Pursuant to Article 3(ş) of Capital Markets Law No. 6362 ("Capital Markets Law") capital markets instruments are defined as "securities and derivatives as well as other capital markets instruments, including investment contracts." In other words, even though the definition clearly defines securities and derivatives as capital markets instruments, the CML confers the ultimate power to the CMB to designate other capital markets instrument. Therefore, the CMB is entitled to designate crypto assets as capital markets instruments, if it sees necessary.

Accordingly, since features of crypto assets do not match with the Capital Markets Law's securities definition, which covers "(i) shares, other shares-like assets and depository certificates related to such shares and (ii) borrowing instruments or debt instruments based on securitized assets and incomes, and depository certificates for such securities, excluding money, check, policy and bond" or derivatives, they can only be deemed as capital markets instruments if the CMB decides so.

In this framework, cryptocurrencies should also not be considered as capital markets instruments under the current regulatory framework; but, the CMB has the power and authority to determine crypto assets as capital markets instruments under the Article 3(ş) of Capital Markets Law.

II. Approaches of Regulatory Authorities

Regardless of aforementioned regulatory gap, some regulatory authorities in Turkey have expressed their interpretations regarding cryptocurrencies, as elaborated below.

Banking Regulation and Supervision Agency

As above-mentioned, the BRSA issued a public statement in 2013, in which Bitcoin, not all crypto assets, was considered out of the scope of Payment Law.

Following the statement, the BRSA has not exercised its enforcement powers against crypto exchanges nor crypto token issuers. Therefore, it can be argued that the BRSA does not assess trading and investment services offered with crypto mediums as a violation of licensing requirements regulated by Turkish banking, card and payment legislations.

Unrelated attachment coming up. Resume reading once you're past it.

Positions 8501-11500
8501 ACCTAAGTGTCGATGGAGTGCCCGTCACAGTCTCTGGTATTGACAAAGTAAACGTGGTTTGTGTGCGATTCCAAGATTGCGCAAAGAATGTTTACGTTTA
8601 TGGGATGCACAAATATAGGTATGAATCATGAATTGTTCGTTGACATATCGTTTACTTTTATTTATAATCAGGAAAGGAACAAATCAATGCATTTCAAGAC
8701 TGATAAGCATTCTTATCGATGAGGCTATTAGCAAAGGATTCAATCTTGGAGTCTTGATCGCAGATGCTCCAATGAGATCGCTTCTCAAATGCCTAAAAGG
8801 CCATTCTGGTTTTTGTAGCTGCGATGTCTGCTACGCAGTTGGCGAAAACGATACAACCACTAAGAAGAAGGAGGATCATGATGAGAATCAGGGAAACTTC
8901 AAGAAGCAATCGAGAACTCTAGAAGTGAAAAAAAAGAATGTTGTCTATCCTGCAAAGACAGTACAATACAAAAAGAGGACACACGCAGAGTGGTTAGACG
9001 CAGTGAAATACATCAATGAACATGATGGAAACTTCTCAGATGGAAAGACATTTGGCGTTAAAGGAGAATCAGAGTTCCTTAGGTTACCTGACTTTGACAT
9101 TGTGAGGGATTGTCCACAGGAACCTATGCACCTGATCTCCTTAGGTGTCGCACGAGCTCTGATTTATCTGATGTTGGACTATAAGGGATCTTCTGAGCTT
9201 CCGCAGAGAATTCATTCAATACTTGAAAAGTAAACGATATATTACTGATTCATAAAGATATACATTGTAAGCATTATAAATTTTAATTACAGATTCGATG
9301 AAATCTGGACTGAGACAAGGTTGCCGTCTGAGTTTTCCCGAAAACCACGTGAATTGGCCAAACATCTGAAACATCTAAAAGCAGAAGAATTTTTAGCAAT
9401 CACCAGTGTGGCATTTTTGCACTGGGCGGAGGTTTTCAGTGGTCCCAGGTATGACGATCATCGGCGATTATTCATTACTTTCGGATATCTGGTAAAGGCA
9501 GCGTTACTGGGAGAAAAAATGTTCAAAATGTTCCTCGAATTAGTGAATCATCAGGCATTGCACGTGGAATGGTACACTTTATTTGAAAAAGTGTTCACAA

Capital Markets Board of Turkey

Even though cryptocurrency exchange business is not explicitly mentioned under capital markets law, the CMB has signaled that it tracks the developments of the sector a few times.

First, the CMB's Research Department published a study named "Cryptocurrencies, Bitcoin" in December 2016 ("Study"). Within the Study, cryptocurrency concept is defined as "digital value enabling secure transactions via cryptography/encryption and issue of additional virtual currency supply".2 Despite the Study recognizes cryptocurrencies as digital and virtual currencies, it also remarks their differences. While non-crypto virtual or digital tokens are pegged to national legal tender and can be supervised by central governmental authorities, cryptocurrencies, for example Bitcoin, are not supervised by any central body.

Further in the Study, the views of different economic perspectives regarding the taxation of cryptocurrencies are discussed and it has been considered that Turkey should follow the developments regarding Bitcoin in a cautiously optimistic manner along with the other jurisdictions. It has also been indicated that Turkey may be able to generate revenue from the Bitcoin market if certain incentives are given after assessing all risks. More concretely, the Study proposes introduction of a legislation to render Turkey a leading country within the crypto industry, in its conclusion section.

Although the Study does not constitute the CMB's official opinion towards the market, it is suggested that a welcoming approach could be adopted. However, in September 2018, the CMB has published an announcement in its weekly bulletin numbered 2018/42 and dated September 27, 2018. In the article titled "Announcement on Digital Asset (Token) Sales (ICO)" it has been stated that:

"...Whether the token sales practices that have similar aspects and differences with public offering and crowdfunding activities will fall within the scope of the CMB's regulation or not will depend on the case. All the necessary administrative and criminal measures shall be applied by the CMB for the unauthorized activities under the name of crowdfunding before the regulations to be made in this regard take effect. At this stage, the sale of cryptocurrencies being realized under the name of crowdfunding should not be respected by the investors..."

In other words, the CMB has announced that it may impose administrative and criminal sanctions against crowdfunding activities or public offerings realized through ICOs. Nonetheless, to date, the CMB has not exercised its sanctioning powers for offering crypto asset based investment, funding or trading services.

Financial Crimes Investigation Board of Turkey